Washers are used for multiple purposes when mechanical parts are assembled using bolts and nuts. Here are some usages and as you can see it is not likely that a generalized answer can be devised to directly answer your question!
Some washers have a special design that attempts to help keep the nut and/or bolt from coming loose. Known as a lock washer these ...
The answer is surprisingly simple: the bolt expands, but the nut expands more.
What is happening here is good old thermal expansion:
The bolt is heated and expands outwards, its radius increasing
The nut is heated and... expands outwards, its radius increasing
Now, since the nut's radius is slightly greater than the bolt's, and since the increase is ...
Looks like an IKEA bed to me - something like the MALM or the HEREFOSS.
You first remove the metal rail, then undo the nut. The manual depicts a wrench (ikea part 113453) but a regular metric 13mm wrench reportedly works fine. From the assembly instructions:
The secret is constrained expansion.
Here's some cruddy diagrams to help explain how it works.
Bolt stuck in a hole
When the bolt is heated, it expands. Since the shaft of the bolt is constrained, it can't expand inside the hole.
The bolt expands in the direction of the green arrow, but cannot expand in the direction of the red arrows.
As the bolt ...
That is called a blind jack nut, jack nut, blind collapsing nut, etc.
They are typically used when you don't have access to and/or don't have the tools to hold onto a nut on the backside of whatever you're putting it into. As you turn the bolt the wedge will move along its length, moving into/out of the split nut which adds/removes force that pushes the ...
The actual reason this usually works is that rust is significantly larger than the steel it's rusted from, which is why the bolt is stuck in the first place. In some other instances the reason heat works is that the bolt was applied with a threadlocker that requires heating to remove (if it comes out with no sign of rust, that's a pretty good bet)
That's likely a cleanout for your sewer line. When opened, you can run an snake down the line to remove any blockage without ripping out your entire foundation. Here's what it would look like from the side:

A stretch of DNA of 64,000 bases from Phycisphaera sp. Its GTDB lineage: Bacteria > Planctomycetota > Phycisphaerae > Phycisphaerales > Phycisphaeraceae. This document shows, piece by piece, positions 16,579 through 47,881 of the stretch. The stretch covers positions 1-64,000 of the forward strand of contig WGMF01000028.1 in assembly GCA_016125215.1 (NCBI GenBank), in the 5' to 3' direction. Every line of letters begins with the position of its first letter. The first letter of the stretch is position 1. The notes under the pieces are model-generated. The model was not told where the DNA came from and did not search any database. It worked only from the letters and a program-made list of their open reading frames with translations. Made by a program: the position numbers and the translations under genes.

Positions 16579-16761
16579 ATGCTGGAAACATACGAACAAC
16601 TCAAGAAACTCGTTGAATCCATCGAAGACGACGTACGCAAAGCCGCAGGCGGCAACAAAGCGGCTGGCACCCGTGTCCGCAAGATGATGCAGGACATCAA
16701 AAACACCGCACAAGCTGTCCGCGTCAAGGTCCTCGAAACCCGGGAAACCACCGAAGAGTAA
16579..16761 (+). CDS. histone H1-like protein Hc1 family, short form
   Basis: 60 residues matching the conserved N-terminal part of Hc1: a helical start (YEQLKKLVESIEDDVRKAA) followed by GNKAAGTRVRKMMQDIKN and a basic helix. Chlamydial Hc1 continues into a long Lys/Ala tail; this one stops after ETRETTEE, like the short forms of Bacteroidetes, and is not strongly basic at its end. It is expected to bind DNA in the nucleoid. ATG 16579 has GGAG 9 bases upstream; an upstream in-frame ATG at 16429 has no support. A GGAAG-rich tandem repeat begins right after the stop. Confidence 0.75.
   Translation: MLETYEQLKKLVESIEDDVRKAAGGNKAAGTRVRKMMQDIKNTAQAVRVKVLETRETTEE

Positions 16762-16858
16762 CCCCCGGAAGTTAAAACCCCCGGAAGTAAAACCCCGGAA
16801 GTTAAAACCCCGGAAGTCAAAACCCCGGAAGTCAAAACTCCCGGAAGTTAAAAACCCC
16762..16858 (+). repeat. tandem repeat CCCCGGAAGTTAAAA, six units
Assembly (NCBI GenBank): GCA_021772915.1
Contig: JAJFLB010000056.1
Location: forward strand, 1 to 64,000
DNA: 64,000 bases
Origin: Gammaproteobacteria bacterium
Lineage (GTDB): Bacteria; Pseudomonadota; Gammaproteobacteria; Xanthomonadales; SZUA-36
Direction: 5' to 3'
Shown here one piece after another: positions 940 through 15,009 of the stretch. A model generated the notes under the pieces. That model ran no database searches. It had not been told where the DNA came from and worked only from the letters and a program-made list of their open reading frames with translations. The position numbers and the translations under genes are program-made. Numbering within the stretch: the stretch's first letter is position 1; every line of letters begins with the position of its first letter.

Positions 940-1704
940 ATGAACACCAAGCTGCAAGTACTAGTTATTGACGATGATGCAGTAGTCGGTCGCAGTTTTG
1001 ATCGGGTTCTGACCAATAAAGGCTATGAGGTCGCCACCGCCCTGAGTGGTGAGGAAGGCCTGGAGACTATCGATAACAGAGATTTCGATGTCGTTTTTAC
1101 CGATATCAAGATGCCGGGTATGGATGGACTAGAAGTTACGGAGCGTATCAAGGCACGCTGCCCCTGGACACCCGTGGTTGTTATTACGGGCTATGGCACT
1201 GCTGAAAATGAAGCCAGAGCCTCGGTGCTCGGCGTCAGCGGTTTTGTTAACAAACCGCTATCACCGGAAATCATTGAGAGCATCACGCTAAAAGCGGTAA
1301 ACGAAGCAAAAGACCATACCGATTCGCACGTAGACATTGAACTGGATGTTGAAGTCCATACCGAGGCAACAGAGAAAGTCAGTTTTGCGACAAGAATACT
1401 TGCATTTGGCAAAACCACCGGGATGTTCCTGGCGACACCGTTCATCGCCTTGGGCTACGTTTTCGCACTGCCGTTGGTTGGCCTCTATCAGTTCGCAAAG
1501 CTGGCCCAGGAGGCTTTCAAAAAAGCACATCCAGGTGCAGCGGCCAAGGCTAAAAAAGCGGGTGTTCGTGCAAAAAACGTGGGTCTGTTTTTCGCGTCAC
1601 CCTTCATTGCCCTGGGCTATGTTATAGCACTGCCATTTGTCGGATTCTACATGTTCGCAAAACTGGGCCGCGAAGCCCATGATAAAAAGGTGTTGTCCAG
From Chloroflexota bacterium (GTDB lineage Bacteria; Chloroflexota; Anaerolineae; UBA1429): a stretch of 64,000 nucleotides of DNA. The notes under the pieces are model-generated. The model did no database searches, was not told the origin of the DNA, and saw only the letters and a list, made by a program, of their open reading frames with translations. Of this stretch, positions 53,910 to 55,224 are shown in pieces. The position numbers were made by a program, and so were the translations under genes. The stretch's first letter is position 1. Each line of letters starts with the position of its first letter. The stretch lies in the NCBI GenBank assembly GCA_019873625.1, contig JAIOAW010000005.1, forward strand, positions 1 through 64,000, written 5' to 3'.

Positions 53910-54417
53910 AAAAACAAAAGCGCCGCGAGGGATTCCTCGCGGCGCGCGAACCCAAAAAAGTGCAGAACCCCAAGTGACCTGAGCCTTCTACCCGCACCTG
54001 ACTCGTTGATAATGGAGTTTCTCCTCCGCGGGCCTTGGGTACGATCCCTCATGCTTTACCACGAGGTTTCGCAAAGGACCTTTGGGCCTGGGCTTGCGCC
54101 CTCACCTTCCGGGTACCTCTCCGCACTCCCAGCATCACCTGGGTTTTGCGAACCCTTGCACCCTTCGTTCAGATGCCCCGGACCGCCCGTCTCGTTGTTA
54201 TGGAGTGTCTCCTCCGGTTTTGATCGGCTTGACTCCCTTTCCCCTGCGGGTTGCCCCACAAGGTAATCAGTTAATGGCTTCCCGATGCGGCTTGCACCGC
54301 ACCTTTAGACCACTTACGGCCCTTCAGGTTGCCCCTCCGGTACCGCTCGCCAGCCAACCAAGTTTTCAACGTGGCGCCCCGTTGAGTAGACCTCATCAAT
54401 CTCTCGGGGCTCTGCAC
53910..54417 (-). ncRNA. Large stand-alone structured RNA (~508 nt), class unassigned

And the cap itself can have different styles:
The best solution is to purchase a new set of bolts that are made of stainless steel or brass. Both will not rust the same way that a iron or steel bolt will. They will cost a little bit more but will pay back in the long term.
My experience has been that the brass bolts after years can sometimes build up their own kind of corrosion that can make it ...
It is called a "hex key", "Allen key", or "Allen wrench".
You can also find socket wrench tools with this hexagonal drive shape. Hex key socket wrenches are almost always stronger than Allen keys, and less likely to round out the screw head.
Both the fasteners and the tools shipped with Ikea furniture kits are necessarily the cheapest that can still do ...
I would caution against using any bolt cutters on the toilet hold down bolts. The reason being that they typically will apply a significant pressure against the porcelain base of the stool and crack or break it.
Another thing to consider is that bolt cutters typically have a jaw profile as shown below. With this type of arrangement it is just not possible ...
As you have found out, curtain rod supports do not do well hanging from plaster anchors. They really should be attached to studs, but where that is impossible, toggle anchors give you a chance at success. I prefer the solid bar type that pivots after insertion.
The drywall in the immediate vicinity is beyond saving. Even toggles will not have much solid to ...
You need to pre-drill a large but shallow hole of the correct depth, and use the bit size recommended by the manufacturer for the material you are setting those into. Too small and you'll crack the wood/whatever. Too big and they won't hold. It matters.
You might want to try on some scrap first.
Did the supplier provide these nuts full knowing that ...
It's called a spanner slotted (or slotted spanner) head. Useful site here. Hard to find in the UK, why the owner used one I cannot imagine. Screwfix doesn't have them. This site may do, although it is international. You'll need to figure out the correct size before you order.